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By G. Keith Diepstra, Contributor | 03/09/2012
Jim Womack in his recent book "Gemba Walks" makes the point you can't improve a process that isn't capable and available. Frankly, you can't improve the capability of a line that isn't available. Finally, you can't improve the availability of a line without improving your reliability system. Therefore, the root cause of bad product quality may be your lack of an effective reliability system.
A word of caution: think strategically. In their infancy, improvement efforts need quick wins to spur and motivate the potential team members.
Put in place measurement that drives behavior. You need to have key performance indicators (KPIs) that drive the behaviors you wish to instill.
For example: If your crew could keep your equipment running eternally without ever doing another preventive maintenance (PM) again, would you care? No, you would not. However, at almost every plant, the KPI most touted for maintenance is the percentage of PM services performed. Any experienced technician could tell you these are pencil whipped. You want uptime, availability. Therefore, that is what you should measure. You can still measure percentage of PM services performed, but availability is the measure that should be tied to goals and performance reviews.
The best measure for any manufacturing facility is overall equipment effectiveness (OEE). This is the best indicator for foundational performance in a manufacturing environment. It addresses quality rate (yield), performance rate (output) and availability rate. These three measures multiplied together give you the OEE rate of the line (or plant). The OEE also can be viewed as capacity utilization. It is very sensitive to changes, both good and bad.
There are an infinite number of possible measures. You and your staff need to start with the behavior or outcome you want to produce and work back to the measure or measures that are best suited to bring about that result.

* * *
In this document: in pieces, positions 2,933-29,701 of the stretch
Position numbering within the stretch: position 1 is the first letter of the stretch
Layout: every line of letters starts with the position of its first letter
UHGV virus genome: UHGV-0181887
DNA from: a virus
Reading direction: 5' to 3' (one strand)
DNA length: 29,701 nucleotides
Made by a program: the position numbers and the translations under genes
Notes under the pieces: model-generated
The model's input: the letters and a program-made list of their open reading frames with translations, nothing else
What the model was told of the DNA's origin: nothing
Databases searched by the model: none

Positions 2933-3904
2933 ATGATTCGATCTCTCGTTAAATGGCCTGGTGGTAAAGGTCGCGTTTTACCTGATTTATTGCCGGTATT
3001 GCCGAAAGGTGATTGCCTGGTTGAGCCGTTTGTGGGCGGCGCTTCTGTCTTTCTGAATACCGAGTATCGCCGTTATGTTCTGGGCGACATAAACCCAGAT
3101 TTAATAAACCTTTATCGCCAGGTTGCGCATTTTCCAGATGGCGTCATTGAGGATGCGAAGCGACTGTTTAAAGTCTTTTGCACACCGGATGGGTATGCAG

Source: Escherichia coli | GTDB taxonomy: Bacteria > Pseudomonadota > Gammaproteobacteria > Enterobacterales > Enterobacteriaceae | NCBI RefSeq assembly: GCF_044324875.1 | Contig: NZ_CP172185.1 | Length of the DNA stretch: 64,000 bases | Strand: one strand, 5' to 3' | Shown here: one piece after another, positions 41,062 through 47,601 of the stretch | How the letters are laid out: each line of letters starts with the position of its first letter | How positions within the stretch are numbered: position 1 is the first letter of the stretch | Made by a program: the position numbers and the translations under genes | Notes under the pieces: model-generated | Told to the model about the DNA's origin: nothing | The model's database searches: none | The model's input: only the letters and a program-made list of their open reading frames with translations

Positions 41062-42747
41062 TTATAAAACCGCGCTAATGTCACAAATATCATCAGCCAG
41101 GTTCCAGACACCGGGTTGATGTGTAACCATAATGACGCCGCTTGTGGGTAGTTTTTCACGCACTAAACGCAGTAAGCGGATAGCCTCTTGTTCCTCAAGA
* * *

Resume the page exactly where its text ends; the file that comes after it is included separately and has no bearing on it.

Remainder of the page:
There is an improvement methodology for whatever challenge you are facing.
If a proven method does not take hold for you, you did not have hold of it. Many plants that have tried 5S without understanding the reasons behind it have dropped it, only to lament that, "we tried that Lean stuff and it didn't work here." No. You attempted to implement a single Lean tool. You failed to understand the purpose of 5S is to facilitate speed of location, maintainability, ease of equipment status identification and elimination of travel.
It is not a housekeeping tool. It is a foundation to other improvements, not the be-all and end-all of Lean. You failed to seek true understanding. You need to aspire to the rule of Japanese swordsmanship: Find the way and study it.
As responsible leaders, we have a duty to seek out the best, proven tools for the challenges we face and not "kick the can down the road."
Too often, we promote leaders who cut their way to greatness, leaving the infrastructure damage behind for someone else to clean up once they have their kudos. Someone once said, "Any idiot can use an axe." It takes leadership and persistence to change a culture for the good and bring about true improvement.
Eventually, you may need to call in a consultant, and there is no shame in that. Some of the more sophisticated aspects of setting up a reliability program like Total Productive Maintenance can be daunting. Also, consultants make their living ensuring that there is a good return on investment in using them or they are not in business long.
Bear in mind, much of what consultants do is to train you and your people to recognize the quality and reliability issues and fix them yourself. They create a learning culture will help you better understand the help you need. You don't need to pay $3,000 for a consultant to teach you RCA. You can easily find and learn the methods for yourself.
In conclusion: The food industry here in the U.S. closely mirrors the automotive industry of the 1970s. Having run high on wide margins for a long time with management and executive leadership that is largely cut from the same cloth, our systems have gone unchallenged.
These conditions are going to change. The manufacturing facilities that get ahead of the coming financial turmoil and commodities instability by increasing their efficiencies and reducing waste will be the facilities that are left standing when the turmoil is over.
My hope is that we, as an industry, can preserve our future and one of the few large manufacturing sectors left in the U.S. by bringing on an aggressive culture of improvement. In doing this, we may mitigate "the slings and arrows of outrageous fortune" for our stakeholders in what promises to be a perilous time.